Apr 16, 2014; San Antonio, TX, USA; Los Angeles Lakers forward Ryan Kelly (4) shoots the ball during the first half against the San Antonio Spurs at AT&T Center. Mandatory Credit: Soobum Im-USA TODAY Sports

Season in Review: Ryan Kelly (w/video)

Late 2nd round picks usually don’t work out.  They are left for players that need a few years of grooming, great athletes, or heavily underrated players that have gone under the radar.  Isaiah Thomas is a great example of a player who has gone under the radar because of his size. Robert Sacre contributes very well for a back up center.

Ryan Kelly fits the description perfectly.

Ryan Kelly is the new prototype power forward.  Before, power forwards were the secondary centers; they had a post game, rebounding ability, and often played in the paint.  Now, with modern NBA rules and offensive styles, creating space in the paint is of utmost importance.  This is done by having legitimate 3-point range, drawing defenders away from the paint.

Ryan shoots 33.8% behind the arc.  It’s not stellar or amazing, but he has a reputation as a shooter.

What people didn’t expect was has solid he was as a ball-handler, his athletic ability, and ability to finish in the paint.



As the season progressed, Ryan Kelly’s playing time went up.  Pau Gasol and Jordan Hill fought off injuries, but Kelly didn’t sulk under the pressure of early playing time. Instead, he played with veteran poise; staying within the context of his talent and playing positive, impactful minutes on the floor.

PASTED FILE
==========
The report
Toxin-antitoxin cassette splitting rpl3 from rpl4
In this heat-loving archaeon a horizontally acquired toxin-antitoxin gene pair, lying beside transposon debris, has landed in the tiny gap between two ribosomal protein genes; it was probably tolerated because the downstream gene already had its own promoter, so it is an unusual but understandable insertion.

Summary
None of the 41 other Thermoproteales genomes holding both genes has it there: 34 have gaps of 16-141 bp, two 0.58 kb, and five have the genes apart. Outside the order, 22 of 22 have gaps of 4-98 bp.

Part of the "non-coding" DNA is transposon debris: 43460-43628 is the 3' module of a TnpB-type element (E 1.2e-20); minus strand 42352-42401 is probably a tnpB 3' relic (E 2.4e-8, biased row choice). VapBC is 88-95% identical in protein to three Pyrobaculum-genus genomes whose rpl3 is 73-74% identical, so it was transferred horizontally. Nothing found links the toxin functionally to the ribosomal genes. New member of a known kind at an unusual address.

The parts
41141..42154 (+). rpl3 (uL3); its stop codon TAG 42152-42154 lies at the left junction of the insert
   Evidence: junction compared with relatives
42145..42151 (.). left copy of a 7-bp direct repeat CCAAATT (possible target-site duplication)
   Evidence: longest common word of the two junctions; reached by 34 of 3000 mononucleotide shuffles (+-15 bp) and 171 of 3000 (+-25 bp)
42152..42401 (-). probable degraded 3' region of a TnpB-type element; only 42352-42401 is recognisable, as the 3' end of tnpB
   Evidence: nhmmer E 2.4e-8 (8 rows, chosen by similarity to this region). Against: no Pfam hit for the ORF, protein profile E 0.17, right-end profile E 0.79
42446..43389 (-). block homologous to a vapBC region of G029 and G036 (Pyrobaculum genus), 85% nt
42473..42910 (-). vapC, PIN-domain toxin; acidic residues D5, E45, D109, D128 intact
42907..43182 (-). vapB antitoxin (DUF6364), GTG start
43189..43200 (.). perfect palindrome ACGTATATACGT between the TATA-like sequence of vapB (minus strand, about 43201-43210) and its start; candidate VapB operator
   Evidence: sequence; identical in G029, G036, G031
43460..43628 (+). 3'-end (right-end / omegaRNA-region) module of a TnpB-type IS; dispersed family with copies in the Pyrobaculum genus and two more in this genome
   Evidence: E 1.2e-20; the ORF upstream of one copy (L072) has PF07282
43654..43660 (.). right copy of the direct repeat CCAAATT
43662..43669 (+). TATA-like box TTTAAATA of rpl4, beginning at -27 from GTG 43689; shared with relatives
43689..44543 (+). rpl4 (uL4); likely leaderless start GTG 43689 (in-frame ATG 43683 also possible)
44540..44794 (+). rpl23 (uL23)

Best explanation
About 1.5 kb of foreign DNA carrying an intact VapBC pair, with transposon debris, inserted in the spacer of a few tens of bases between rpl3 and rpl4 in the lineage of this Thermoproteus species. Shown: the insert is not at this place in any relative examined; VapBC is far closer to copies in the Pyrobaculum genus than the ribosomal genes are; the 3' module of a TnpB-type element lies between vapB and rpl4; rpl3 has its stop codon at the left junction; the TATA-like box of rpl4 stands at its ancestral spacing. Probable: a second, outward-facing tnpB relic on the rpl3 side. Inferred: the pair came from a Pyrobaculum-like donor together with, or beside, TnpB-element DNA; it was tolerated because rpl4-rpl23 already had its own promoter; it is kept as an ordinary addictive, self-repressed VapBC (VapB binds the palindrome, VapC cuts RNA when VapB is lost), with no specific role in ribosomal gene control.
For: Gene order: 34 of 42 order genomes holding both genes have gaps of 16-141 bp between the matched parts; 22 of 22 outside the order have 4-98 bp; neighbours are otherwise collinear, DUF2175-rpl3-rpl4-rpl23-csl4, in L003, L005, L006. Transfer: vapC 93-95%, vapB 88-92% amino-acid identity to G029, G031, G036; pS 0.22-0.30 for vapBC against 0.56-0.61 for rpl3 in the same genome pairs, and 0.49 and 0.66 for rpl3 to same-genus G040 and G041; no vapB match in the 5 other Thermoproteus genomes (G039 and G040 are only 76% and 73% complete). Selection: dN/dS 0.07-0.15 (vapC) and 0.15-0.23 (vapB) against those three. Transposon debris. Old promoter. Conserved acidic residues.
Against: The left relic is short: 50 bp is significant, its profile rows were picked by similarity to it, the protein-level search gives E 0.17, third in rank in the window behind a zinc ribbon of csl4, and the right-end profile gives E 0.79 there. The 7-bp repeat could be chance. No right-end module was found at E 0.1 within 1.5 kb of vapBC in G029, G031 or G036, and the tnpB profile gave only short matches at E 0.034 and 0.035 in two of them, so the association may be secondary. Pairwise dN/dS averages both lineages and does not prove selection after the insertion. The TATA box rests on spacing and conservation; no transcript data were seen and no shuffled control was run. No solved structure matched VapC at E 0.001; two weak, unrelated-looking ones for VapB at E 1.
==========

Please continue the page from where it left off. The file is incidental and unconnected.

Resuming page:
One indicator of his offensive IQ is his assist-to-turnover ratio.  Most front court players with average IQ are 1:1.  Anything above that is a huge bonus.  It’s a reflection of their skill level, but also their court awareness and unselfishness.  Ryan Kelly’s is 2:1.

His best game was when the Laker team was under the most duress.  The Laker game against the Cleveland Cavaliers on February 5th was one of the most memorable of the season.  Not only did they dress eight players, but injuries and fouls caused Robert Sacre to foul out as the last remaining starter.  From there on out, every foul he would commit would be a technical.  Late in the game, Kyrie Irving didn’t even come back in.  The Cavaliers were mounting a comeback after an early 1st half blowout by the Lakers.

Ryan Kelly finished with 26 points with his basic triple threat skill level.



Ryan Kelly has had one of the most successful seasons of the Laker roster.  Not only did he have a great rookie campaign against low expectations, but showed the Laker franchise what he’s capable of.  With the right team around him, it wouldn’t be surprising to see him start for the Laker team.  He adds a dimension at the power forward slot, essentially adding guard skills to a traditional power position.

The future is bright for the former Duke player.

Cheers to a tremendous rookie campaign.  We look forward to more, in a Laker uniform.

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